Preexperimental Stimulus Familiarity Modulates the Effects of Item Repetition on Source Memory

Hongmi Lee, Kyungmi Kim, Do Joon Yi

Research output: Contribution to journalArticlepeer-review

3 Citations (Scopus)


Previous studies have reported contradictory findings regarding the effects of item repetition on the subsequent encoding of contextual details associated with items (i.e., source memory). Whereas some studies reported repetition-induced enhancement in source memory, other studies observed repetitioninduced impairment. To resolve these conflicting results, we examined the modulatory role of preexperimental stimulus familiarity in the relationship between item repetition and new source memory formation by orthogonally manipulating preexperimental stimulus familiarity and intraexperimental item repetition. In a series of experiments consisting of three phases (item repetition, item-source association, and source memory test), we found that item repetition impaired source memory for preexperimentally familiar items (famous faces or words), whereas the same manipulation improved source memory for preexperimentally novel items (nonfamous faces or pseudowords). Crucially, item repetition impaired, rather than improved, source memory for preexperimentally novel items when these items had been preexposed to participants before the three-phase procedure. Collectively, these findings provide strong evidence that preexperimental stimulus familiarity determines the relative costs and benefits of intraexperimental item repetition on the encoding of new item-source associations. By demonstrating the interaction between different types of stimulus familiarity, the present findings advance our understanding of how prior experience affects the formation of new episodic memories.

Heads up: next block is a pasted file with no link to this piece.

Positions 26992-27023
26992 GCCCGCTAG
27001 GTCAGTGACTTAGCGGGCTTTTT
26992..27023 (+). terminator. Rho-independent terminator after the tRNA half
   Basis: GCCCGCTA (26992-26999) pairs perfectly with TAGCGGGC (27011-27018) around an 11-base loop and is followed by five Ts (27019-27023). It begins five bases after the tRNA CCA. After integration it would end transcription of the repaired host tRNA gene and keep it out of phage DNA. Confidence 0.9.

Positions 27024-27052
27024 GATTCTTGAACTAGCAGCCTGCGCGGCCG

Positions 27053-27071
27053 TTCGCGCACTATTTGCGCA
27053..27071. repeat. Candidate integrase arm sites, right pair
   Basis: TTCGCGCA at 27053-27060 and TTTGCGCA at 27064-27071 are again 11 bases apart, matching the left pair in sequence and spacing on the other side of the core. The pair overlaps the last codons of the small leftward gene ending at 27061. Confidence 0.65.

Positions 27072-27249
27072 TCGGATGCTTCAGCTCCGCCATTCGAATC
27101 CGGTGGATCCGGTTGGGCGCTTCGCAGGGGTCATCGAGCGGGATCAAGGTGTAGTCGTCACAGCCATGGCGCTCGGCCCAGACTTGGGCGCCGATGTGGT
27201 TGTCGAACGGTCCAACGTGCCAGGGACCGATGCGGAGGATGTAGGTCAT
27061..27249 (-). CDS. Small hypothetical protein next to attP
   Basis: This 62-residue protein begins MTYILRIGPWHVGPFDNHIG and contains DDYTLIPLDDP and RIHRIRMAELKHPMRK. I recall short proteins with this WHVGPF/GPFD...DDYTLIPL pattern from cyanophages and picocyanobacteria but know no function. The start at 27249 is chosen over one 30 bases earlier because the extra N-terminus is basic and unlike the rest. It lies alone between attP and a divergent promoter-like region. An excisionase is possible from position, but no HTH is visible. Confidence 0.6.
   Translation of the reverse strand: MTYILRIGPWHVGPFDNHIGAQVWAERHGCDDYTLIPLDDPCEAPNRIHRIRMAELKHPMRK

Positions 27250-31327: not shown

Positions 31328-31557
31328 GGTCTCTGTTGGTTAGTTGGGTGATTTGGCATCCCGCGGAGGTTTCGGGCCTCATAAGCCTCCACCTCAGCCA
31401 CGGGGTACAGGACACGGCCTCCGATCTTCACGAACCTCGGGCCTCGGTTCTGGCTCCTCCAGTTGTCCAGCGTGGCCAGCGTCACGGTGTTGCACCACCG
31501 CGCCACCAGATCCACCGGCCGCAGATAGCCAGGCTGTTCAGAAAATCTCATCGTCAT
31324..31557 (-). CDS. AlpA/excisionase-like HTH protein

Original languageEnglish
JournalJournal of Experimental Psychology: Learning Memory and Cognition
Publication statusAccepted/In press - 2019

Bibliographical note

Publisher Copyright:
© 2019 American Psychological Association.

All Science Journal Classification (ASJC) codes

  • Experimental and Cognitive Psychology
  • Language and Linguistics
  • Linguistics and Language


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